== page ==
Frank Fossella (b. 1925) is an American politician and land developer.
He represented parts of Staten Island as a member of the New York City Council in 1985. Mr. Fossella is a member of the Democratic Party, and is uncle to former Republican member of the United States House of Representatives Vito Fossella.
Mr. Fossella, the uncle of former Rep. Vito Fossella, served as first vice-chairman of the Democratic party on Staten Island, and his savvy, behind-the-scenes advice influenced a generation of elected officials, past and present, on both sides of the political aisle.
He rose through the ranks of the local Democratic committee in the mid-to-late 1970s, serving as first vice-chairman in the early 1980s, and from 1985 to 1986, he was the South Shore's City Councilman, until his defeat at the polls by a young Susan Molinari.
Among those who benefited from his political acumen and friendship over some 30 years were Surrogate Robert Gigante; retired State Supreme Court Justice John Fusco; former Borough President Ralph Lamberti; the late City Councilman and Deputy Borough President Nicholas LaPorte; former City Councilman Jerome O'Donovan; the late Supreme Court Justice Louis (Wally) Sangiorgio; the late District Attorney William Murphy, and his predecessor, later Supreme Court Justice, the late Tom Sullivan; and current political figures, including Borough President James Oddo, state Sen. Andrew Lanza, Assemblywoman Nicole Malliotakis and City Councilman Vincent Ignizio.
Silver-haired, mustached and distinguished, soft-spoken but authoritative, Mr. Fossella also commanded the ear of former Democratic Mayors Abe Beame and Ed Koch, and in later years his nephew, a Republican, as well as members of the GOP congressional delegation, including Rep. Peter King (R-Long Island). He also was held in high regard by former Presidents George W. Bush and Bill Clinton.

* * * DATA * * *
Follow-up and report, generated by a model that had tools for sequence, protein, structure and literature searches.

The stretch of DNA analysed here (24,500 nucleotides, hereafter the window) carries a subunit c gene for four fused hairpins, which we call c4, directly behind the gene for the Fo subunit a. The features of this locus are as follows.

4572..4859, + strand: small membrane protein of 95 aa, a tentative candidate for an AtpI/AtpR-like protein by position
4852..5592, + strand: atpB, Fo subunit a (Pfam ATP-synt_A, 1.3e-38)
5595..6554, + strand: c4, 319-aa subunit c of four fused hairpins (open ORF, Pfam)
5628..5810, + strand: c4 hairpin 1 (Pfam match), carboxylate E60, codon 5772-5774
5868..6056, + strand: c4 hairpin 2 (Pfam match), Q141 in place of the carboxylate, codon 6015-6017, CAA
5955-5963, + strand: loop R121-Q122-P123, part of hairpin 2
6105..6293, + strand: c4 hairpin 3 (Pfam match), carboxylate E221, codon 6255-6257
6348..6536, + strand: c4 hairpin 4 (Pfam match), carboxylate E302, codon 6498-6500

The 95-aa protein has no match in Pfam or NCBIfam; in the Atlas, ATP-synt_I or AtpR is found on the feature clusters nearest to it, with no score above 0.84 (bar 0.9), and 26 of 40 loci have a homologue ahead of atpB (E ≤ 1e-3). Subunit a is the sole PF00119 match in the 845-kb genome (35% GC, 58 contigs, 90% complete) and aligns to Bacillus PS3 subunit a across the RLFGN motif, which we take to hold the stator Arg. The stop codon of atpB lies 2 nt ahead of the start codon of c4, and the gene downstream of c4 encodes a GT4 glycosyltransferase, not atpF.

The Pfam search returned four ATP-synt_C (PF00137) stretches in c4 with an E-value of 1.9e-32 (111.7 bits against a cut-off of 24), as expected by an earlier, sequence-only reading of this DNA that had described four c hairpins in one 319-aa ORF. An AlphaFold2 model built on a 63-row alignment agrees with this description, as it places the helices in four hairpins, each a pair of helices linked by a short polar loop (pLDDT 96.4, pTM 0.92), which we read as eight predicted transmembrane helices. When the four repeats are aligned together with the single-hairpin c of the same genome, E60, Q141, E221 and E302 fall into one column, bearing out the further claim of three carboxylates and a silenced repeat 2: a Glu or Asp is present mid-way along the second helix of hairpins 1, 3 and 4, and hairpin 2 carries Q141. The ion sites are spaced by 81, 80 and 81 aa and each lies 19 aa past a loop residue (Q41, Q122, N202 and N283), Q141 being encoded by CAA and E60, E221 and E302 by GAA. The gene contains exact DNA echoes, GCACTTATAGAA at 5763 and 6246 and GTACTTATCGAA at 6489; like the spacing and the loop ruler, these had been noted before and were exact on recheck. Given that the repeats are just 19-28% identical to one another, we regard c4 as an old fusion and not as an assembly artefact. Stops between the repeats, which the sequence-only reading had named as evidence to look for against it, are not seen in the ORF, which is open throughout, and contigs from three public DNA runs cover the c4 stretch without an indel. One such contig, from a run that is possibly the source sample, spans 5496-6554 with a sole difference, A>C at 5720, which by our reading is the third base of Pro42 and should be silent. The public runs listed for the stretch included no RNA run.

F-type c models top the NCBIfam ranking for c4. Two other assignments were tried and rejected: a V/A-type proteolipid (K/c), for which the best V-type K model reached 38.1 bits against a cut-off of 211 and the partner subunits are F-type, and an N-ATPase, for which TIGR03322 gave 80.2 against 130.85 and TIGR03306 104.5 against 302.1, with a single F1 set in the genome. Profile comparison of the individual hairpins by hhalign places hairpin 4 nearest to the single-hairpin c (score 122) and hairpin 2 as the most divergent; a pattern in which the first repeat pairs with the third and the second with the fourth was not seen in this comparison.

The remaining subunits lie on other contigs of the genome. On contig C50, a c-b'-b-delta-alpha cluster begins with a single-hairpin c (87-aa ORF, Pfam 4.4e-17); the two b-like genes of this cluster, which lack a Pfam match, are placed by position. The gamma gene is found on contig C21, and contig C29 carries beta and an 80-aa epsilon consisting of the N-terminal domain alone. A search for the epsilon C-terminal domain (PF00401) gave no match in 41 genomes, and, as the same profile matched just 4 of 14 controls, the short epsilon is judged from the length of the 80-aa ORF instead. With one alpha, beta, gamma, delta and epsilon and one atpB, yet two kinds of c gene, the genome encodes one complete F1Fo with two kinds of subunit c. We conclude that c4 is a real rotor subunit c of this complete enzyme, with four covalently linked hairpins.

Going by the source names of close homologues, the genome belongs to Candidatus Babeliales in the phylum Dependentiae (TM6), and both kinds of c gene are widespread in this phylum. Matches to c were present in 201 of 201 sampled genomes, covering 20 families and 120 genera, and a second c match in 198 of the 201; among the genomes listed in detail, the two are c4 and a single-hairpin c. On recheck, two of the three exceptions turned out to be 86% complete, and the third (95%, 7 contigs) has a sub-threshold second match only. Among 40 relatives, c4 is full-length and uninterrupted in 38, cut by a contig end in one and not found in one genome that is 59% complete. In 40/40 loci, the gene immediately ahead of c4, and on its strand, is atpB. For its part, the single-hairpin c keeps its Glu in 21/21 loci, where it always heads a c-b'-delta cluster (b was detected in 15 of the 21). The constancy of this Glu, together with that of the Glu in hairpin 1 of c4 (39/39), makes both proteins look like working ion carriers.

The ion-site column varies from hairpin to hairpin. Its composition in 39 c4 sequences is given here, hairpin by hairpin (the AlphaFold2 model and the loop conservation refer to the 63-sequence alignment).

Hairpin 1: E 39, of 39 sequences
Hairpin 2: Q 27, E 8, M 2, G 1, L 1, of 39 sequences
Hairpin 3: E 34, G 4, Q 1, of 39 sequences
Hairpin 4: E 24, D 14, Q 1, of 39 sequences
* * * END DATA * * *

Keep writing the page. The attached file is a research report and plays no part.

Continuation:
Congressman King told the story ... of how he listened, fascinated, while then-President Clinton conversed by phone from Air Force One with "Uncle Frank." "He -- the President -- called him Uncle Frank and was just laughing and chatting away with him, the way you'd chat with an old friend," King said.
King, who sometimes dined with the Fossella family, recalled Mr. Fossella as "solid, strong, quiet, a true gentleman, who valued his family, friends and principles."
"My uncle was a consensus-builder, a uniter. He always preferred to work quietly, behind the scenes, and he stayed out of the political limelight," Vito Fossella said.
"He was one of a kind, the rock of the family," Fossella continued. "He taught us about compassion, love, loyalty; he taught us to always find the good in someone, and if there was someone in need, we must help. There was no one who wasn't welcome around his table."
Although his passion was politics, Mr. Fossella was a mechanical engineer by career, and later a teacher and administrator.
Born in Bayonne, he settled in South Beach with his family in 1947.
He obtained bachelor's and master's degrees in mechanical engineering from Brooklyn Polytechnic Institute, and over 20 years worked with engineering firms in Manhattan, Long Island, New London, Conn., and Peekskill, N.Y., often rising before 4 a.m. to commute from South Beach.
In 1966 he switched hats to begin a career at Brooklyn Technical High School, where he taught mechanical engineering, aeronautics and design. He also completed his master's degree in education and certificate in supervision and administration at the former Richmond College, St. George. He was subsequently appointed assistant principal at Brooklyn Tech, and retired from the school in 1991.
During this period, Mr. Fossella also taught mechanical engineering at the former Staten Island Community College in Sunnyside.
After retiring from teaching, he continued to work with his brothers, Aldo and Vito Sr., in the family's architectural engineering and consulting firm, Land Planning & Engineering Consultants in Mariners Harbor.
- http://www.mylife.com/c-839602589 Frank V. Fossella
- "Restorations: Park and Party". New York Times. 1985-11-19.
By a margin of only 161 votes (out of 43,000), Susan Molinari has been officially declared the winner of the Nov. 5 election over Councilman Frank Fossella, a Democrat.
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